The Red Cloud chief. (Red Cloud, Webster Co., Neb.) 1873-1923, May 25, 1922, Image 8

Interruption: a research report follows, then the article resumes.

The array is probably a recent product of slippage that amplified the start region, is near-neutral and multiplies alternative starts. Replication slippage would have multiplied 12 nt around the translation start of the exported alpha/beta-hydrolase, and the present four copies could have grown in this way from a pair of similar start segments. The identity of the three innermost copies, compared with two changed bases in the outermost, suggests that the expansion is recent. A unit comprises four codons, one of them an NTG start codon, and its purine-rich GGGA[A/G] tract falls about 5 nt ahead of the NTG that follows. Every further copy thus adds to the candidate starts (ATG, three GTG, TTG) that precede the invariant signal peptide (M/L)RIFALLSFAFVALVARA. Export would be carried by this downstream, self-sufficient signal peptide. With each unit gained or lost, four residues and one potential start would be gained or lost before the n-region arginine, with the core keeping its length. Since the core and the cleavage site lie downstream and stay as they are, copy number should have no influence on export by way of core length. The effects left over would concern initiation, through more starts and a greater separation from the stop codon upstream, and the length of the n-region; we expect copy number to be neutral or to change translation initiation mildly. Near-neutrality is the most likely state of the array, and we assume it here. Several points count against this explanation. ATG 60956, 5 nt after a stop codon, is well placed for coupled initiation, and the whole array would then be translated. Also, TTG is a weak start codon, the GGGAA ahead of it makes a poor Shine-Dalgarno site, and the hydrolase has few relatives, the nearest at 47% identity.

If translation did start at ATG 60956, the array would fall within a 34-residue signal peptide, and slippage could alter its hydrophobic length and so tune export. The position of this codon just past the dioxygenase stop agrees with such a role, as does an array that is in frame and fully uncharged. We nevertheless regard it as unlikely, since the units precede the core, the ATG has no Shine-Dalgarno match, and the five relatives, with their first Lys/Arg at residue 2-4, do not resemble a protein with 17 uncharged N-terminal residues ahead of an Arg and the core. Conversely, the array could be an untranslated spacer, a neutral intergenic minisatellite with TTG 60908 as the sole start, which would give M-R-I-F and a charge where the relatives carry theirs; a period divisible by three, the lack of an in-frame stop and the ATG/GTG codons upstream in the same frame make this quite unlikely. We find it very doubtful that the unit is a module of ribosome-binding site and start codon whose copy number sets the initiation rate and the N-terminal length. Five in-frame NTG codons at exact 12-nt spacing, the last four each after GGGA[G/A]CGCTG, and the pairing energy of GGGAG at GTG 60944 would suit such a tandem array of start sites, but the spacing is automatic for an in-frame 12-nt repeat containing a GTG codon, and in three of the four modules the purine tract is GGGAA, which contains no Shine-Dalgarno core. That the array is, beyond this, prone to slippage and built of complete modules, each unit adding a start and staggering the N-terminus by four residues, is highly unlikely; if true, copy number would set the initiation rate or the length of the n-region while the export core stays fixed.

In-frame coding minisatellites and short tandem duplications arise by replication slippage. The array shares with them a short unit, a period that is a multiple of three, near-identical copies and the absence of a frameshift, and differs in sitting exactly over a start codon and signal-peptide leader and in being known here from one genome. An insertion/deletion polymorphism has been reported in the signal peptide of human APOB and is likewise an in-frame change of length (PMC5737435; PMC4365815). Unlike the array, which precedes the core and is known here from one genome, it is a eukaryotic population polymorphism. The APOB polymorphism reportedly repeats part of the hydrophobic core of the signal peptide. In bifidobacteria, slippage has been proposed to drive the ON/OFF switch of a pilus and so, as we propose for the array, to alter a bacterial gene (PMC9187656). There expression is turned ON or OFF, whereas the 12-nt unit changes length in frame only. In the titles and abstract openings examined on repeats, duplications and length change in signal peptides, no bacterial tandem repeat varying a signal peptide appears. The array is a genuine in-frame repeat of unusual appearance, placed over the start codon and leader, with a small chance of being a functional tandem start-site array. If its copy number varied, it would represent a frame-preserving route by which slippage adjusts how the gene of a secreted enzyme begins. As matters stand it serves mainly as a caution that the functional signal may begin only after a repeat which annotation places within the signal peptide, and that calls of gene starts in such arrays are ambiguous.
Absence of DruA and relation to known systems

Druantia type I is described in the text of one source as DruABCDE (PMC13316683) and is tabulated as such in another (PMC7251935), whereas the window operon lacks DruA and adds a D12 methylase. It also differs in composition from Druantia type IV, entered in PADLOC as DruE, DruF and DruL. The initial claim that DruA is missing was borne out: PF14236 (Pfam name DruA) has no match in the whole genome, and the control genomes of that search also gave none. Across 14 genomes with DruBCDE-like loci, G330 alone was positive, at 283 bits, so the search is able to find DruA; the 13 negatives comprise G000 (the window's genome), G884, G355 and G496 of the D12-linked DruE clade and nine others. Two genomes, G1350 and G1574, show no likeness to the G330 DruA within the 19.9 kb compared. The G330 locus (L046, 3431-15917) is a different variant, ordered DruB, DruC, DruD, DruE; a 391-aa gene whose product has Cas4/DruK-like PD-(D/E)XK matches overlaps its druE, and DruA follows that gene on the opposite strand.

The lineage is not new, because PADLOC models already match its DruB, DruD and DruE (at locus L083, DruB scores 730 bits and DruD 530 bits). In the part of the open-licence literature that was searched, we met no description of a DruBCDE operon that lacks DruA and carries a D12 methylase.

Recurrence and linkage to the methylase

EBD OLOUD, VMWBIMKJ OCMP .laszrefn Dy JACK LAVTON K K2525EsasasasasiSESHsasasEsasasasB Copyright, lSZJ, Weniarn Newinpr union. It wns not tin1 let tor's fault tlint liu became nn oiicn''i upper. The two who provoked his disapproval lintl taken the uunted MWts opposite his at the ruMtiiurunt tulile. The woman, decidedly pretty, ho remembered having been nt service the past Sunday. Ho recalled hav ing wondered, even under tlio thrall of his studied nddrejre, whom .sho might lie and whcio slo hail come from. She was not, he was certain, u resident of Poinbro! e. The man who so courtemiwly re moved the charming woman's fur clonk nnd placed It ucro.su the hack of 2ier chair, was familiar hut unknown. Itcv. Peter Brooks passed him fre quently In the streets. He recalled, now, the fact that Mrs. Meatier, the. inian's wife, was said to he out of town. Peter Brooks was Just tlocltl big that Mr. Mender's companion wns fn nil probability n visiting relative when that little lady Hhattered his Illusion. "Tills Is better than working In that jtuft'y office, Isn't It?" sho said. Jack Meatier nodded with a smile. "Yet If I bail not conxed you out," io told her, "you would still be at your desk. Now, won't joii let me or der for you something very good and extravagant?" The woman held out her bands with pretty gesture of surrender, "You are so kind," sho agreed. "Typing," Jack smiled, "or working avertlmo tloes not seem to trouble your happy patience. What n Joyous eld place this world would be, Eleanor .Call, If all women were like you." "What an Impossible place, rather," Alio laughingly replied, "I will tell you a secret, livery one conspires to spoil me to make things easy for me. yourself, for Instance; consider the amount of work from which you re Hove me." "Tills afternoon," Jack Meatier said, "you are to be forced Into n holi day. I was fortunate In obtaining tickets to the Shakespearean matinee." Eleanor flail regarded him over her frozen fruit. "Tickets?" sho asked. Meatlers nodded. "I think I deserve a holiday, too," bo replied. Uncomfortably Peter Brooks moved la bis chair. So It was another case of going out to lunch with the stenog rapher. All right, perhaps, to one who lintl not heard, to what lengths frail little Mrs. Mender was obliged to economize. An extravagant lunch eon Jack Mender bail suggested to Ills companion, anil undoubtedly lit; bad ordered such, while, tickets for the Shakespearean matinee could not he procured cheaply. Reverend Peter Icnrcd his throat. "Mr. Mender, I believe?" be said, pre.-tsantly. "I wanted to Inquire for your wil'e, Sho Is away? I under stood that sho was In poor health." Jack Meatier stared ; the stare sccinod almost hostile. "She Is In poor health," he an swered. Iter. Peter Brooks walked thought fully bomewanl. Here was a case to be dealt with. There was In the present day altogether too little re gard for appearance's sake. Me In tended to make this one laxity the subject fur a sermon. So Intent was be on his theme that he had almost passed his bishop without recogni tion. That Important and smiling personage greeted him cordially. "Hello, Peter; where are you hurry ing? Time so valuable that you can't spare mo a moment? I'd like your advice In n matter.'.' Peter wheeled about, following bis jupeilor across the street and Into an linpresslve old house. -You were saying?" he absently asked the prelate. "About that history of mine. Why the1 church should desire it I cannot understand; the fact remains. And they have engaged a clever historian, the thing Is rentlable even to me." The big man leaned hack smiling. .I'&tSr inurmured congratulations. He wns eager to bo at his purposeful sermon. If occurred to him to dis cuss ft with the wise' man at his side; rtiey were both in accord with the thenuti Peter, bis handsome head jesting ngulhst the back of the bish op's favorite chair, hoped sternly tfmt the charming and unconcerned ulnner would be tbero to hear bis ser aion eloquently delivered. Then sud denly the resting head was lifted, for tfio object of bis thought and worthy effort stood smiling in the doorway of the bishop's study, while tho bish op himself arose to welcome her. aPennlt me, Miss Gall," ho said, to present Rev. Mr. Brooks. Miss Call," the big man explained, "Is very busy writing tho history of n tire some old man." Eleanor Gall briskly removed coat trod Jaunty turban. "Mr. Meudor," she explained to the bishop, "was de termined that an afternoon of enter tmlnraent would rest our minds and refresh us for further work, but I overruled. 1 am anxious to finish my ttommlsslon." "Miss Gall," the bishop said, "has ntpscd Mr. Meader as her stenog xspber. Little Mrs. Mender and she, It seems, were school friends." Iteverend Peter arose stlflly as though In acknowledgment of an In troduction. Ills band went out to Eleanor Gulf, but n.ldn eyes, Instead, were apology and humbleness; and 3ehnp!Dr come , dcepprj Interest .which tcaj a oman-hiayreosnft.'' m '''I'hopooeeyou-'UgulB'ri-auld PUr. . 1 nope you will milled Eltanor. I HIS MISTAKE 'r3 I I ."BROCADES 1 3 So ft .0' AGNES G. DROGAN Cujiyilu! . l.'Jl, Wentein NWKiittjir Union. "A d. iijjlilcr of mine mnrry a Tub hot," twfti Wnllle's mother Irately, '"never. w.Jt,l my con- ent ; why, from the time iff your great-grandmother down to ntjw, wo Kirkwoods have worn brocades,. ldlo Talbots grabbed along In calico. , And If you have no family pride, Sally KIrkwood " "Mother," cried the girl, distressed, "John Talbot will bear." "I hope Mint he may," returned the angry woman. "I will not mnrry, mother," sho nn uwereil, and passed Into the other room. Her last sentence went before her and when Snlllo entered the room. It was empty. Disconsolate, she sank for n moment' upon her knees before the divan. John Talbot had heard, of course, those more than foolish words of her fretful mother, and hud gone nwtiy. And John Talbot did not come back; wherein lay Sable's tragedy, for she loved him. Put the months and years following gave her n time for grieving. First came the crippled In validism or her mother, exacting her constant service. Then came the great war, and Its devastating changes, and tho money which Mrs. KIrkwood bail considered securely Invested was lost In the change. Stock once valuable became worthless. Sallle, eager to become u wage earner, was again obliged to put ambition aside, In the proont need. Tied, tis It seemed, to the great house on the square, sho endeavored to make It pay for Itself, und rented tho upper front rooms to nn old family friend; Miss Loren was glad of the privilege. Miss Loren was, too, a comfort In her close bondage, to Sallle. Sometimes she would speak of John Talbot and his sister. John, It seemed, had gone steadily' on to well-earned success in tho me chanical profession, which bad In Its beginning, appeared so humble; while.' Ilessle Talbot bad married u very rich man. It was her mother's regretful rem iniscence which caused Sallle to re member, one day, the old brocade. Tho quaint southern town had long ago formed the custom of giving each year a costume hall. Mrs. KIrkwood, In her sad recluse, had been recalling those happier days when the daughters of her proud family bad appeared at this yearly ball In an ancestral satin gown. "And you, Sallle," sho walled, "might have gone In grandmother's silver bro cade." Sallle laughed. "1 will go up to the attic nntl put It on," she said, "and we will have a dress parade of our own." Bui ti-.i she bent over the big trunk In the nttlc her heart was heavy. Betz, the grocer, had said only that morning that be must have ills bill paid at once. So when she donned the lovely old fashioned dress she made a decision. She would ask Miss Loren, In us careless a manner as possible, If she might havo next month's rent In ad vance; later she would try to think what would be best to do. John Tal bot was In his otllce a short time after, when his married sister paid him u call. "and Jane Loren says" John's sister finished her after noon's gossip, "that she believes Sallle KIrkwood Is In actual want. Sallle was still wearing the brocade when the doorbell rang. When Sallle saw who stootl before her, It seemed that for one dizzy, unbelievable mo ment her heart must stop beating. "I come," John Talbot said, reas suringly, "to ask a favor, Sallle." "Come in, John," Sallle said. He glanced admiringly at the sil very dress, tenderly Into the face nbove It. "It's a great favor I want to buy tho old brocade for my sister Bessie. Sho would like to wear It to the cos tume ball." "Why, I will be glad to give It to you," Sallle eagerly offered. "I could not take tho dress as a gift," John Tulbot answered, decidedly, as he laid a roll of folded bills on the table. "It Is most generous to let me hnve It at all." Silently Sallle left the room; when she roturned she was wearing her own pink print frock. She held out a tis sue parcel and smiled; her voice wns not quite steady. "We Kirkwoods must wenr calico," she said. Into the mnn's eyes came n kindly, whimsical smile. "While n Tulbot wears brocades, Sal lle," suddenly bis tone was pleading, compelling, "through what a poor piti ful mlstuko have we suffered, you and I. Yes, you and I. Your eyes tell me that. Dear, I will keep this llttlo difss for you to wear to tho costumo ball. We shall be married that day." Confusedly Sallle pushed the roll of bills toward him. "May a man not buy u frock for bis wbfe?" John asked, as his arms closed about her. "Yes," agreed Sallle, "he may." In Erudite Circles. "What Is meant by 'telling tho world about, It'?" asked the spectacled per son. "Wby, I don't really know," sola ProMDIggs, with a thoughtful air. "Tbeipbruse has recently come Into jsurreft use. I suppose it means em pYdy'liTg ail the facilities .dftho tele phone, the telegraph, the cable and the wImUm to abora dlssemlriate am lav portant piece of information." t3 p4fc. RJ ROMAN WOMAN, FIRST NURSE On Record in History as Establishing Convalescent Home for the Poor A. D. 300. The word "nurse" is derived from the Lai in, and mentis "to nourish." Then H no reference t u sick nurse In the .''.;ile, although nu'tiurous chil dren's nurws are mentioned. Fabiola, the first nurse recorded In history, was a Itotnnn woman who established n hospital and convales cent home for tho poor after her eon version to Christianity, about A. D. .ISO. Sho Inaugurated a society of rich women, and had them trained as sick nurses. Nurses, who are addressed as "sister" on account of the old religious traditions associated with their work, lost their professional dignity in loll, when twelve women were engaged at St. Bartholomew's hospital, London, to nurso the sick and perform menial work. Prom that time nurses were un trained, until the doctors ut the New York hospital began to lecture them on "scientific cleanness" In IT'.K). Plletlner, at Kalserwerth, Germany, opened tlio first sclentlllc training school for nurses In ISIlt!. Florence Nightingale was trained at bis estab lishment, and Introduced his methods Into England. COULD NOT FORGET COURTESY Japanese, Though Inebriated, Obeyed at Once the Inborn Politeness of His Race. It was on the road to Kntnnkurn on o very pleasant morning, that we were favored with an unusual Illustration of native politeness. Courtesy Is nn In teger tif Japanese character, nntl though It often confuses the outlantl er beyond understanding, particularly In business transactions, It Is never theless a perpetual Joy to him. The coolie, the room boy, has quite Chester flehllan manners In reserve for any occasion. Such a coolie It was who sprawled In n sake stupor fnlr In the middle of tlio narrow roadway, with the car rushing down upon him. At night be would have been maimed or killed before the brakes could be applied. As It was, the nonchalant chauffeur halted with the tires almost nt the heels of the slumberer. Stepping from the car, he thrust bis foot In the ribs of the coolie, without heat or haste, ami rolled him from tlio way. At this the drunken one propped him self on u wavering elbow, took In tho situation and essayed n most unitiz ing recovery. lie rose nntl stood be side the car to doff his hat almost to the ground, and very clearly, though In Japanese, tendered n gentlemnn's apology for the Inconvenience he lintl caused the travelers. Pen Hur Lamp man In the Portland Oregonlan. Warlike African Tribe. The Masai are the most arrogant nntl warlike tribe of all the native tribes of Africa and, man for mnn, they are possibly the wealthiest peo pie In the world. Their wealth has been acquired by waging ruthless war on nil the other tribes in tho vicinity and appropriating their worldly goods, which are clilelly in the form of huge herds, lint, with nil their warlike tendencies, they have never risen against the white man. Scarcely fiO.OOO In number, they held sway for genera tions over millions of their more peaceful neighbors. The Masai are the exact reverse of vegetarians, for they live on nothing but meat, considering everything grown In the earth as despicable food, lit for monkeys, but not for men. Their favorite drink Is M'cuiod by tapping the large vein In the neck of an ox nntl drawing on" a quantity of ids blood, which Is sometimes drunk mixed witli milk and sometimes ".straight." The ox Is also their chief food. Savage Tribes Revered the Cross, From the early days of the church the cross was a usual emblem or Christian faith and hope. The first Christians showed great respect for Its significance, with St. Paul "glorying In the cross of our Iord Jesus Christ." They used tho gestural sign of the cross extensively. Tortulllnn wrote In tho Second century: "At every step and movement, when wo go In or out, when we dress or put on our shoes, nt tho bath, at the table, when the lights arc brought, when wo go to beTl, when we sit down, whatever It Is that occupies us, we mnrk the forehend with the sign of the cross." Kven before the Christian era tho cross was an object of religious venera tion among savnge tribes. The death of Christ gave It a new meaning. Fishermen Use Colored Nets. In Dalmntlu It has been noticed that the fishermen dye their nets in wonderful shndes of brown and bright green. They have found by experience that while the fish are canny enough to fear tho white nets and dee from them as from a danger signal, they swim calmly Into the meshes of tho green nnd brown ones. It seems possible that this Is be cause tho green nnd brown strands of the nets arc not unlike tho floating strands of seaweed. Another expla nation Is that tho eye of the fish la unable to distinguish these two colors from that of the sea water. These dyes are extracted from tho bruised barks of plants. After the nets hnyeJeen well soaked In these natural dyes nntl then thoroughly dried, the colors are found to be fast both as regards water mid sunlight'. I THE GUSDE 1 ( Dy MILDRED WHITE fn K5Z5anSZSinSESE52!i25ZS2fi2SZ!il5'l! Copyright, 122, Wtcnl Ktwipuprr I nlon. When Stephen Kendall's pbjs dun ordered bltn rtntiy for a rem ttie o:!ice staff hoped to Join in the urv. lor If the dominating Stephen hail been under u strain so hod his long-suffer-iiit; associate, Stephen was naturally a mutter. In bis mother's home his word was law, and one maiden who bad secretly adored him dried her tears at bis de parture In unconscious relief. Yet the big successful man had tunny cumpei.MUltiK attractions; his in. inner ofttlines as tenderly winning n u child's. The pbu-e designated by his physi cian as pnbseselug healing ami dis tracting power wns an isolated coun try of dangerous paths and unex pected beauty. This doctor gave to Stephen a letter of Introduction to old Gone Do Dray, the mountain guide, who, he was sure, would alMi take his patient to board. Hut when the long Journey ended und Stephen Kendall sought the substan tial cottage In the wood It was, to his displeased surprise, a young woman who opened the dour a comely .voting woman, undoubtedly, but ho bad wished above all things to uvoltl the sex exacting conventional nltlrc and manners. Therefore Stephen frowned and asked In his usual tone of disapproval: "Does Gene Do P.ray live here, and may I engage his services as guide? I would also like to secure board with him if possible." The young woman calmly read Stephen's letter of Introduction and glanced tip from its perusal with a considering smile. "We may be able to take you for Doctor Gray's sake," she conde-' sccndlngly agreed. "My father being unable to do so at present, I shall have to act as your guide." "I am quite competent'," she an swered his dissenting stare. "I have roamed these hills since childhood. I was born an' riz here." Stephen regarded the bright face amazcdly, the girl's tone, as her op peuruneo, was so out of keeping with her primitive surroundings. She it wns, he found utMin the fob lowing morning, who had cooked their delicious breakfast; she who, clad in corduroy trousers, later awaited to escort him over the hills. Gene, a pleasing, shrewd old moun taineer, waved to them us they started with luncheon up the trail. Forbiddingly, ns usuul, he accepted tho girl's merry sallies, In silence re ceived her descriptive information of tlio picturesque country. Smilingly Indifferent she dropped Into song. When she had disregarded for some time his repeated "Miss De Uray," Stephen abruptly asked If that was not her name. "I am called so frequently Just Marette," the gjrl laughingly ex plained, "that 1 'almost forget the other." "This spot will do then, Marette," be ordered peremptorily. It was a delightful spot and Stephen was quite out of breath, following his swift nntl tireless guide. From the page of his book he long and surrep titiously regarded her. She was as in teresting as charming, this calmly su perior woodland person. Stephen lintl caught it resentful toss of her head nt his ordering. Her pretty head now against the tree, she amused herself Imitating and answering the calls of birds. Then suddenly she turned on him a volley of questions. "Where did he come from, and how long did be In tend to stay uniongMliem?" "I like this spot," ho said at length, decidedly. "Entertain yourself ns you choose, Marette. I shall remain until evening." "I," Marette quietly returned, "must return home directly nfter luncheon." "We will stny, us It pleases me," the master-man firmly replied. "You have been engaged as my guide." Mnrettc laid out bis luncheon, across the white cloth her dark eyes mocked him. "Directly I have eaten," she repeat ed, "I must go." She was as good us her word. Ste phen, looking absently up from nn un accustomed day dream, saw the flash of her crimson lint like a flitting bird far down tho trail. The wilderness threatened at night fall. Knowledge came to Stephen. There was service which even money might not buy; there were orders which might rot always be obeyed an hour of helpmssness to tho most resourceful man the stars were out; how still, how terribly still, It was. "Well," asked a sweet vibrant voice, "are you ready to go back with me now, Stephen Kendall?" Stephen Jumped to his feet to greet the girl. "Quite ready," be said, und laughed. "I am sufllclently punished for my pre sumption. "Who are you, Marette?" ho softly questioned. As gently she answered hh.i : 'You have henrd of Marette, the singer? I como back hero often, to visit my father In hl beloved hills." "And this time you will stay tib long ns I? For I think that I may havo grown hard and crabbed waiting for that one woman whom only now I have, love, and the one woman, llttlo Marette. It Is wondrous strange that L should know you so soon to be that; woman, but true " "Perhaps," said Marette, his guide. BOARD OF EDUCATION ADOPTS NEW COURSE -Ked Cloud, Nebraska May 22, 1922 The Board of Education met in special session nt ;ho Commercial Club rooms at 8 o'clock p. m. with n'l menbers present except C. J. Pope. 'the minutes of .ast meeting of May Is- vcre read and upp ovod. The Teachers committee reported that nl' tho vacancies had been fil'.crl in tho' teaching staff for the coming year. Tho principal object of this meet ing was to consider the advisability of adopting the Smith Hughes course of Homo Economics in the ftetl Cloud Schools. Supt. Gelwiclt informed the Board that ho had been advised that tho State Department cou1d plarc thif enrse in one more school in Nebraska if application wns promptly mado and tho said school would properly qualify for same. After considerable discus sion of this matter by the Board, a motion was mado by Ovcring, second ed by Perry that Supt. Gohvick bo instructed to make application for this course to bo installed in the Bed Cloud schools. Motion carried. In tho year 1918 the Junior Class purchased a ?50 Government Bond which at the close of tho war was to bo sold and the proceeds used to pur chase a Bronze Bust of General Persh ing which wns to be presented to the Rod Cloud High School. E. J. Ovor inp was appointed a committee of one to investigate tho cost of such a bust. Supt. Gclwick mado a report to tho Boa'-d regarding tho tuition collected iy the Rod Cloud School. District for tho past school year: Amount colVct csl for 1st semester, .$",502 00; Amount collected for 2nd semester, $3,180.00; Total tuition for tho year, $0,712.00. His report also showed tho following ba'anccs on hand: Athletic Fund, SLUG; Domestic Sc'cncc Fund, $G.f5G; Manual Training Fund, $5.80. His report of Class Play and Commence ment showed, Receipts of, $309.50; Expenditures of, $255.35; Profit to School District, $51.15. On motion Joe Barta was elected janitor of Washington School nt a salary of $100 per month and Elias Goble janitor of Lincoln School at a salary of $80 per month. Sa'd sal aries to bo for tho school year of 9 months any additional time put in by tho janitors during vacation to be under the instructions and direction of tho Building and Grounds commit tee. The following bills were audited and allowed and Secretary instructed to draw warrants for same: G. A. Fcarn $ 2.00 , 50.00 72.82 3.82 Rev. S. Hardman Woodruff Printing Co Sutton & Shipman No further business appearing the Board adjourned fn meet Juno 5, 3922. B. F. PERRY, Secretary. GflEAT IS POWER OF WEALTH Nothing Impossible When John D. Rockefeller Gives Orders and Waves His Magic Wand. No man Is more conversant with the advantages of wealth than John D. illockefeller, and no man Is more famil iar with Its drawbacks, observes a j writer In the Kansas City Star. John D.'s estate in Pocantlco Hills Is like fairyland. Uo spends money 'ol It In the most lavish manner and Improvements aro being carried out nil tho time. He keeps 500 men em ployed about tho place, paying them $10,000 a week in wages. With this ;nrmy of workmen be satisfies bla .fancies. ' "I want nn avenue of trees," perhaps bo will explain. "Hut I haven't time to watch them grow up I" "What nre we to do?" tho foremun will nsk. i John D. will wuvo his stick toward ;tho skyline. "Shift those trees from over there." ' It Is one of the most awkward Jobs In the world to shift big trees without killing them, but ut tho millionaire's, bidding tho miracle Is performed, and by the end of the seuson there Is a pic turesque avenue of old-estubllshed trees where there was only green sward before. On one occnslon John D. wanted to add an extrn pleco of ground to his estate, but tho neighbor occupying tho bouse wouldn't sell. Tho millionaire bought all tho land around tho bouse and erected a great barricade of tall 'trees that mado tho bouso like a prison. Tho neighbor wns eventually glad to leuvo und tho millionaire bad bis way. l( Another day bo came out of the nouso into the grounds, ins minu cast 'Inc nround for improvements. His eye lighted on a distant bill about a mllo away on bis estate and he sud denly thought how much better It would bo If there was a bill close to tho house. Ho called tho foreman of bis army. JJ want that hill Bhlftcd," said John D. '''We'll have It moved down here close to the house." He wuved his stick around. The foreman Immediately got busy, and In a short time tho bill was torn down, carried nearer to the house, and tbon rebuilt. Then It was sodded and 'great, full-grown trees transplanted to Its BlCJCi. M . FARM BUREAU NOTES (By Henry R. Fausch, County Agent)' i CLOTHING SPECIALIST GIVCS DEMONSTRATION ( ' ' Miss Rachel Harris, clothing spe- , ' c'clist from College of Agriculture,' was in !o county Tuesday, Wednfs (hy, Thursday and Friday meeting with the Women's Clubs and gaW them demodulations on homo maflc tires., forma and sho.-t cut in sowi.v and sowing machine attachment? Th's wor.k is made available from thc Extension Service thru tho' County Farm Bureau. Tuesday afternoon a ineeting was he'd at tho homo of Henry Stumpon horsi of Blue Hill where twenty ' women of Prairie Gem community met. Mr?. J. T. McMahon was cho.cn ' Project Leader and 3 dress forms were made. Wednesday morning meeting at tho home of Dr. E. C. Moranvillo of Guide Rock ten women of that city met. Mrs. J. L. Whaley choccn Project Leader. Sewing machine attachment demonstrations were given on Mrs. Moranvillo':? machine and or. Mrs. Pace's electric sowing machine. Wednesday afternoon meeting at tho S. S. Lunstedt home in Beaver Crock precinct. This being tho regu lar meeting of Helpful Community Club and delegates from tho Willing Comitfunity Club mrit with tho form er club. Sowing machine attach- . c ments demonstration wns given on Mvs. Lundstcdt's and Mrs. Wood- v wa.d's machines. Project Leaders were chosen as follows from tho two clubs respectfully, Mrs. John Zimmer man, Dress Forms, Mrs. Irwino Wood ward, Sowing Machine Attachments, Mrs. James Atkinson, Dross Forms, Mrs. Harry Davis, Sewing Machine Attachments. Attendance fifteen. Thursday at Inavalo meeting hold in basement of tho Methodist church twenty women leprcsenting three clubs tributary to Inavalo mot for dress form demonstrations. Project Leaders chosen were Mrs. Dan Hart wcll, Mrs. Ella Carpenter and Mrs. G. W. Ohmstcde. Three forms Were made. Friday mooting held in County Superintendent's off.'cc Red Cloud. Twenty-five women and throo dress forms weio made. Mrs. Wm. H. Thomas, chosen Project Leader for v country women and Mrs. D. M. Gav bcr Project Leader for town women. As soon as these clubs havo com pleted the required amount of work they arc entitled to tho next number on tho program. Any clubs wishing to take up this work or communities whore no club exists antl want to or ganize should get in touch with the Farm Bureau office. Sunny Side Sunday School Location: Ono mile east and two miles north of Red Cloud in District 75 school bouse. Organized Sunday, May 21, by C. P. Turner Sunday School Missionary for the American Suiidny School Union of America. Our Sunday School meets nt 10 a. in. next Sunday. Come and spend an hour with us. Supt. A. U. Pelrce, Asst. Supt. T. J. Sherer, Secy Mrs. Guy Henderson. Notice to Creditors In tho County Court of Webster County, Nebraska Iu the Matter of tho Estate of Noah E. Cling Deceased. Creditors of Said Estate Will Take Notice, that the time limited for pre ssntation and filing of claims ngaius1 said estate is September 2nd, 1922, and for the payment of debts is November J5, 1922, thnt I will sit at tho county court room in snid county on tho 2d tiny of Juno 1922, to examine, hear and allow all claims duly filed which arc a first or second Hen upon said estate and on tho -1th day of September 1922 to examine, bear, allow and adjust all claims and objections of general cred itors duly filed. v Dated this Gtb day of May 1022. (Seal) A. D. RANNEY County Judgo Don't Fool With Dynamite. Never tell a woman that sho carries her age well and, as you value youn life, never tell her that sho doesn'tH Boston Transcript The Margin of Safety Is represented by tho amount of insurance you carry. Don't lull yourself into a fancied security. Because fire has never touched you it doesn't follow that you'ro Immune Tomorrow no todoy, if you have timeand you better find time como to thojofllco and we'll write a policy on your bouso, furniture, store or merchandise. -LATER MAY BE TOO LATE- O. C. TEEt Reilok-ble Insurance ,'J 3M V r y,. I ,i .